One of the many attractive facets of playing golf regularly is that you can look like a top golfer even if you can’t play like one. All the smart and colourful shirts and trousers you see on television being worn by our heroes in the big tournaments can be purchased by the most wretched of hackers.
You can wear the same gleaming shoes, carry the same shiny clubs, and proceed stylishly towards the first tee. Sadly, the illusion will not survive long once you get there and play your first shot.
Of course, this charade is difficult during the winter months which are not conducive to light garments in pastel shades. Often the contrast is alarming and the way some winter golfers dress is a disgrace. In wet weather they can look like deck hands on a fishing trawler.
I confess that comfort, dryness and warmth are my main priorities and I tend to look pretty scruffy, wearing the same mud-spattered clothes week after week. There are those who look a lot worse but they do so in the summer, too.
But some golfers work hard on their appearance whatever the weather. One of my regular playing partners, Andy, is certainly in that category. He is a very natty dresser at any event and he sees no reason why he shouldn’t be sartorially suitable for winter golf as well.
We played together in a four-ball pairs Stableford last Saturday and I couldn’t help noticing the difference in our dress. Over my long-sleeved undergarment I had a frayed red polo-neck and a heavily stained sweater. My shoes hadn’t been cleaned for weeks and my corduroy trousers were covered in muddy marks where I had been cleaning my ball because I keep forgetting to put a towel on my bag.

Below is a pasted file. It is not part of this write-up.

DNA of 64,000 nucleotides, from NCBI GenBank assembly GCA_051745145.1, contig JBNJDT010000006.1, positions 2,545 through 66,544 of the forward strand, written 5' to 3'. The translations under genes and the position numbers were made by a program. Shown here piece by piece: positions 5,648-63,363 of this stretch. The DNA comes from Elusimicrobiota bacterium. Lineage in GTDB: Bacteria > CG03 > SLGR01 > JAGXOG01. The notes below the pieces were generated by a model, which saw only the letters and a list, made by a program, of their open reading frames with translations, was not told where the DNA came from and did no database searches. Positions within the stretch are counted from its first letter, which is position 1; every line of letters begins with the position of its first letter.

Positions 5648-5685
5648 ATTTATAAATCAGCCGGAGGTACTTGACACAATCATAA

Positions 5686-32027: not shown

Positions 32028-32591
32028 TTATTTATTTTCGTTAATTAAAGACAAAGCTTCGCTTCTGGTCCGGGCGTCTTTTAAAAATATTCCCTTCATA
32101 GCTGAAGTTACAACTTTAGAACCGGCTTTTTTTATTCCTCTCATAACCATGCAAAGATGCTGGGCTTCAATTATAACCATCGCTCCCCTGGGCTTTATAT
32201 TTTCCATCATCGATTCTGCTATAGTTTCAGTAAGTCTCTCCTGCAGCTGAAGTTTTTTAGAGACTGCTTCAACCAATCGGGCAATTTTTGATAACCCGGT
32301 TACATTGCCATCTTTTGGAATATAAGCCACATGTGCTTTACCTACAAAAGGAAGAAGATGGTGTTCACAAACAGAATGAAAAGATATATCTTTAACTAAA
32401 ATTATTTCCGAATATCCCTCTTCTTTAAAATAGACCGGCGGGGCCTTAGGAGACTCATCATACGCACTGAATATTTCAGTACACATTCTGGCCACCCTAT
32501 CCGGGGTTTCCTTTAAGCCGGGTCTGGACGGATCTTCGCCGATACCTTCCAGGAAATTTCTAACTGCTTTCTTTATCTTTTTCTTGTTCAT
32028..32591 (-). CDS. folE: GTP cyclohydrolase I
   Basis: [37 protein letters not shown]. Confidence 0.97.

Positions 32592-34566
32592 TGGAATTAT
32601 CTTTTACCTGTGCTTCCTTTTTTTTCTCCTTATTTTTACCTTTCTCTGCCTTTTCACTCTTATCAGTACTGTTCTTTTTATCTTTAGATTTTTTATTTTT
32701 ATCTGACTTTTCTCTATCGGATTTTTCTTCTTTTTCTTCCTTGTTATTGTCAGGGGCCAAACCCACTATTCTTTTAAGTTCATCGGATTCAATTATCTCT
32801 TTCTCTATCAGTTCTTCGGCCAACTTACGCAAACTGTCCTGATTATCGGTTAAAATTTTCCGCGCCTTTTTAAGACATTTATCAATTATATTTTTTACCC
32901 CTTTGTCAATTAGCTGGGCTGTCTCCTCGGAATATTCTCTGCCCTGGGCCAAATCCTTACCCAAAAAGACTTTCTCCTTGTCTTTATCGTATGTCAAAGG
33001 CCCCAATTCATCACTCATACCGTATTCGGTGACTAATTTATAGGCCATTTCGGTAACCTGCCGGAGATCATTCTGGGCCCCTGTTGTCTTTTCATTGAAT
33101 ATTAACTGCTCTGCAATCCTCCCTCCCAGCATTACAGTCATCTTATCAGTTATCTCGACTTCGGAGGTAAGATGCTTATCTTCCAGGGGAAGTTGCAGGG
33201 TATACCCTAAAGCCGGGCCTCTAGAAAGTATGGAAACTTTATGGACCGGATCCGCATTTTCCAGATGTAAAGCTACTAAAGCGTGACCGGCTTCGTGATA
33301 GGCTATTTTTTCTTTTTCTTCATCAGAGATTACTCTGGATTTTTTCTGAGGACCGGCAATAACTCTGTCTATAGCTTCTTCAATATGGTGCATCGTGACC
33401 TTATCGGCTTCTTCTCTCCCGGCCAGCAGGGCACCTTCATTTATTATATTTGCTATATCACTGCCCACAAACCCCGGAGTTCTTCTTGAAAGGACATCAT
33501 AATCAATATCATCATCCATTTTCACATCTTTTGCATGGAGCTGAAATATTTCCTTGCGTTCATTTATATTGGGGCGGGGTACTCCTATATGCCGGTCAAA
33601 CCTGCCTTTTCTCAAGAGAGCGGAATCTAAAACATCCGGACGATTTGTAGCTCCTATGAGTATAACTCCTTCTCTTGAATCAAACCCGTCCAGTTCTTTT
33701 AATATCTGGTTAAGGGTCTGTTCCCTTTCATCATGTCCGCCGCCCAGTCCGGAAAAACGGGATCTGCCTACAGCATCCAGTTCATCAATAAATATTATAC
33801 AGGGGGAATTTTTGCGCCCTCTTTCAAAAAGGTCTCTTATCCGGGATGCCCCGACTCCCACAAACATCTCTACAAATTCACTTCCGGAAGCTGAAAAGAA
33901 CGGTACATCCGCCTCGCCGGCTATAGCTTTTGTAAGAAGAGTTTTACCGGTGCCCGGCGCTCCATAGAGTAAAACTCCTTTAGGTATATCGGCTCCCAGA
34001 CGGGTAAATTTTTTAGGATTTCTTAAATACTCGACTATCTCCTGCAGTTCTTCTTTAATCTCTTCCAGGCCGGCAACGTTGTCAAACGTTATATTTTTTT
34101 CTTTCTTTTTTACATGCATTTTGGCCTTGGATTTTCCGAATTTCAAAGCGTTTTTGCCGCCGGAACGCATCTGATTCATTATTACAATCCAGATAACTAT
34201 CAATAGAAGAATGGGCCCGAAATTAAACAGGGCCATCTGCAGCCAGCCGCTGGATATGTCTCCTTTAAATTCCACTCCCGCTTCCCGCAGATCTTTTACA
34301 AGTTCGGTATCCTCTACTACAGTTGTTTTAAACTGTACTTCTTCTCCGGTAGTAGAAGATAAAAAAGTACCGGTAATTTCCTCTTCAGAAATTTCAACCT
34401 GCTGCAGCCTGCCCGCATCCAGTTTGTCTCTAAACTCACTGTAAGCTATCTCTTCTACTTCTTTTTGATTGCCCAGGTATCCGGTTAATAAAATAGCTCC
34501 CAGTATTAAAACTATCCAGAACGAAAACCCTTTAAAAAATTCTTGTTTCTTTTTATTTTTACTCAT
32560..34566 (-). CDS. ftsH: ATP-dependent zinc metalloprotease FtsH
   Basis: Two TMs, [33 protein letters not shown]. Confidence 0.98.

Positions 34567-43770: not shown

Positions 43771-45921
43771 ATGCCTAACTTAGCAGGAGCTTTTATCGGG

Andy could have just stepped off a male models’ catwalk. A neatly arranged and expensive looking polo-neck under a cream sweater which looked like cashmere and a pair of pristine black trousers with a knife-edged crease.
Despite the course being still very wet, it was the first time in weeks that buggies were allowed and Andy agreed to share one to save my old legs.
The club has started to construct a network of cart-paths which is helping to stop buggies sliding all over the place but on our steep second hole I mistakenly left the path to get nearer the green.
When we got back in to go the third tee, the back wheels started spinning and the buggy was going nowhere. Andy got out to give it a push and I shouted at him to be careful of the mud being splashed back.
Too late. As the buggy lurched forward, the wheels cruelly spattered his trousers and when I reached the path I looked back to see him ruefully examining his ruined elegance.
Fortunately, he saw the funny side and joined in the laughter. I suggested it would all brush off when it dried. ‘Can you wash those?‘ I asked.
‘They’ve just been washed,’ he said. ’I only ironed them this morning’
His sweater had also collected some mud so he took that and donned a jerkin. I consoled him with the fact that he now looked more like the rest of us.
Together with the weather, which was glorious, it turned out to be the high spot of mundane morning.
I’d started well, scoring six points on the first two holes but I managed only 17 more on the next 16 holes. I hit enough decent shots to encourage me but I found it difficult to score.
Andy, who plays off 28 like me, did a little better, scoring 25 to my 23 for an aggregate 48 points.
Our playing partners, Max and Spencer, were five shots better at 53 but we were both miles behind the winning total of 76.
Due to the damp conditions there wasn’t much run on the ball but we were playing clean and place through the green and we all felt we should have done a lot better.
But at least we were out playing in the sun and spring can’t be far away. And Andy is not likely to ride in a buggy with me again.